We Can't Let Our German Friends Push Us Around

Article excerpt

Byline: William REES-MOGG

The British tend to forget about the importance of Germany, our most significant European partner. There are, of course, memories of the world wars of the 20th Century.

Relatively few British people speak German; we like to enjoy Mediterranean holidays, so we have come to know the French, Italians and Spanish. Yet Germany is a stable Northern democracy and a major trading partner.

The sale of Opel and Vauxhall, which make up the the European branch of General Motors, this week demonstrated the significance of German bargaining power. Chancellor Angela Merkel, who has to face a close election fight at the end of the month, wanted to save German jobs. The Opel and Vauxhall sale has now been made to Canadian car-parts manufacturer Magna International, which is backed by Russian Sberbank.

Magna has given an assurance that it will not close any of Opel's four German plants. In Britain, by contrast, Ministers are now urgently seeking talks with Magna to try to protect as many jobs as possible at the Vauxhall plants in Luton and Ellesmere Port.

The German elections may reflect shifts in European public opinion in favour of smaller parties. Chancellor Merkel's party, the Christian Democratic Union (CDU), is rather similar to the Tory Party; both are moderate, centrist parties. Until a few weeks ago, polls suggested the CDU, including its Bavarian partner the Christian Social Union (CSU), would win enough votes to form a coalition with the German equivalent of the Liberals, the Free Democratic party (FDP).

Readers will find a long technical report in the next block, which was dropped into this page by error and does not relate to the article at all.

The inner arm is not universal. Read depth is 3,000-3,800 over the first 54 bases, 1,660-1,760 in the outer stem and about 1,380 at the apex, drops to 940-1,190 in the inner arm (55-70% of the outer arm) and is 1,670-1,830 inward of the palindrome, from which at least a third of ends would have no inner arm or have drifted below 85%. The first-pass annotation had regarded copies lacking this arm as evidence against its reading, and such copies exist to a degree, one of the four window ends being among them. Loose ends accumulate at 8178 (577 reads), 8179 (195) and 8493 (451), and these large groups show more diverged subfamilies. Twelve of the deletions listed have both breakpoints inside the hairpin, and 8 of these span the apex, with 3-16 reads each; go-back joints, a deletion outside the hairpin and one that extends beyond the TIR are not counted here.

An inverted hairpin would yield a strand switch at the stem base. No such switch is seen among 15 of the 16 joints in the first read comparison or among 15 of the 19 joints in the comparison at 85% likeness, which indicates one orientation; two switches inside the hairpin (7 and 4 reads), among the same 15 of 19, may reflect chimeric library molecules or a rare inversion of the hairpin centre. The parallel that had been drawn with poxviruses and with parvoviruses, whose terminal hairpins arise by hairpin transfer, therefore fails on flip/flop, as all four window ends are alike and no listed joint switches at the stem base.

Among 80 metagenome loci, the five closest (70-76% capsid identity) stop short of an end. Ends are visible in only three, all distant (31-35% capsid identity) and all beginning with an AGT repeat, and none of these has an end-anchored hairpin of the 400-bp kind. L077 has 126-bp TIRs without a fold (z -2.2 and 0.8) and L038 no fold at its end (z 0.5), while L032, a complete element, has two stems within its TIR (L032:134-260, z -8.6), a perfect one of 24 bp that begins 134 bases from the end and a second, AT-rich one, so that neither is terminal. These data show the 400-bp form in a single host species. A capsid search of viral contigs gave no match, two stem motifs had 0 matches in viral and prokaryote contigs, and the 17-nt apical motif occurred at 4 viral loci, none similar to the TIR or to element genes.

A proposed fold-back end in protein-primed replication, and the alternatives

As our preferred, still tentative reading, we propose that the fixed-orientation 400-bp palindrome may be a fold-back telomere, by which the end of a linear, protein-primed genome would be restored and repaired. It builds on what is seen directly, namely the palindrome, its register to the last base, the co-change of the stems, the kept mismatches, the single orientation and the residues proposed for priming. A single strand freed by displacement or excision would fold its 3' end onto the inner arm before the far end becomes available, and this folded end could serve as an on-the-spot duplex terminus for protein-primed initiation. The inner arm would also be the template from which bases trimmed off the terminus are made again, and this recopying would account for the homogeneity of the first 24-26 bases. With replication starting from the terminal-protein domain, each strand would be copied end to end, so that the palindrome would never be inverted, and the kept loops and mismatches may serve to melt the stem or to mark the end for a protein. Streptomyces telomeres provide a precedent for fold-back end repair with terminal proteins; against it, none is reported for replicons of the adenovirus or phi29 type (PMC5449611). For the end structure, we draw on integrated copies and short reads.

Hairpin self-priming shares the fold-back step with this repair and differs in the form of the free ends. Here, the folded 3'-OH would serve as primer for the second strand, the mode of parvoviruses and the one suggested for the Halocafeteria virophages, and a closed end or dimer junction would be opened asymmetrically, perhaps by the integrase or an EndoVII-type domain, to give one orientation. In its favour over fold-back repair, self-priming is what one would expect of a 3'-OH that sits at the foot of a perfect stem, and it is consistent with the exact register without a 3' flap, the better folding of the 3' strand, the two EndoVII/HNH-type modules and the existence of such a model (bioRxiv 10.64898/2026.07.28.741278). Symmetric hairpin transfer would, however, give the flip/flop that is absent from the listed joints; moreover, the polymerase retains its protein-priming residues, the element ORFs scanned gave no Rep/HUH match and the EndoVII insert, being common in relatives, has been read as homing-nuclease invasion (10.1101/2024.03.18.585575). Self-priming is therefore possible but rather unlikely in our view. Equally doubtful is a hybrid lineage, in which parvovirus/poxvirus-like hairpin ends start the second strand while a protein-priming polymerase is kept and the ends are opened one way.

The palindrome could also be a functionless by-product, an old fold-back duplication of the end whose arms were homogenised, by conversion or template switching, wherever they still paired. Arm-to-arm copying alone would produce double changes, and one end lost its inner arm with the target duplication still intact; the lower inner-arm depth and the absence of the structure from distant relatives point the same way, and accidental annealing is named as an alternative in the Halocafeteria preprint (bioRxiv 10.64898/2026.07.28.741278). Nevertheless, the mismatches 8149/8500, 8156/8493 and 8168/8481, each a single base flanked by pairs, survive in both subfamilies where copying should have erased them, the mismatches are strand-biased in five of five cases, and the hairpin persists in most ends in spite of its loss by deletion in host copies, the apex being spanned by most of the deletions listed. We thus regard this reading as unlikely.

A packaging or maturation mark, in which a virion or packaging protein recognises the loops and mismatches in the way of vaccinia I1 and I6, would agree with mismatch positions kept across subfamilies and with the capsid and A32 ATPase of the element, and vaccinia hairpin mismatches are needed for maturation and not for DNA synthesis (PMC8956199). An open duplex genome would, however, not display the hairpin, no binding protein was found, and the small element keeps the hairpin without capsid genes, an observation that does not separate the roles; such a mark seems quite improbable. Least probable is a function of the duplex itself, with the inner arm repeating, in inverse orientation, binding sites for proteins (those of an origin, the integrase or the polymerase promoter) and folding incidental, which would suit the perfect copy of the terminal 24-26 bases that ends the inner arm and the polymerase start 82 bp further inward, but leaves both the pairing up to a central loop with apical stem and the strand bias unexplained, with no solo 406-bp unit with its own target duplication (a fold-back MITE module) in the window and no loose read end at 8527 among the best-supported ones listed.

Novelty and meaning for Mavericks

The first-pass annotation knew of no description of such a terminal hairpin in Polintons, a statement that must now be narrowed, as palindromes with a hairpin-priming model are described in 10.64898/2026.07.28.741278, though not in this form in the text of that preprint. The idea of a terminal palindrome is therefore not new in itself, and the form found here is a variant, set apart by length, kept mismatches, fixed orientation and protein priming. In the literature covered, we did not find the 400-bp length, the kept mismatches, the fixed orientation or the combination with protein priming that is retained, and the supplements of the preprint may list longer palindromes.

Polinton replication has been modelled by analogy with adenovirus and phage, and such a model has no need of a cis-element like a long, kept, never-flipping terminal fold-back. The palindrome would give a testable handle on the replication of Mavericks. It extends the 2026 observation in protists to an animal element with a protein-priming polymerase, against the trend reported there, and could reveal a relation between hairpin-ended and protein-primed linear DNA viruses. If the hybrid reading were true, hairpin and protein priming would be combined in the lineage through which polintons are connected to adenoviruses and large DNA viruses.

At present, a CDU and FDP coalition would receive 49 per cent of the vote. The other large party is the Social Democratic Party (SPD), roughly the equivalent of the Labour Party. The SPD has only 21 per cent in the polls, and 30 per cent of the votes would go to other parties. There is still a probability that Merkel and the FDP will win the election, but it looks less of a certainty.

In the European elections this year, there were similar trends in Britain: the Conservatives were ahead, but the smaller parties were thriving.

Historically, Britain and Germany have had a more significant relationship than many British - or German - people realise. Since 1714, we have had a German dynasty on the British throne. The House of Windsor is the successor to the House of Hanover.

What people do not realise is that Britain's German or Austrian alliances in the 18th Century were essential to the creation of the British Empire. Our Germanic links on the Continent allowed Britain to defeat France in colonial wars. One can see this record in wars that were decisive. During the reign of Louis XIV, one of our greatest generals, the Duke of Marlborough, fought the famous Battle of Blenheim (1704) and defeated the French. His ally was Prince Eugene, who was born in Paris but had become an Austrian general leading an Austrian army.

In 1756, at the beginning of the Seven Years' War, Britain signed a treaty with Prussian emperor Frederick the Great. …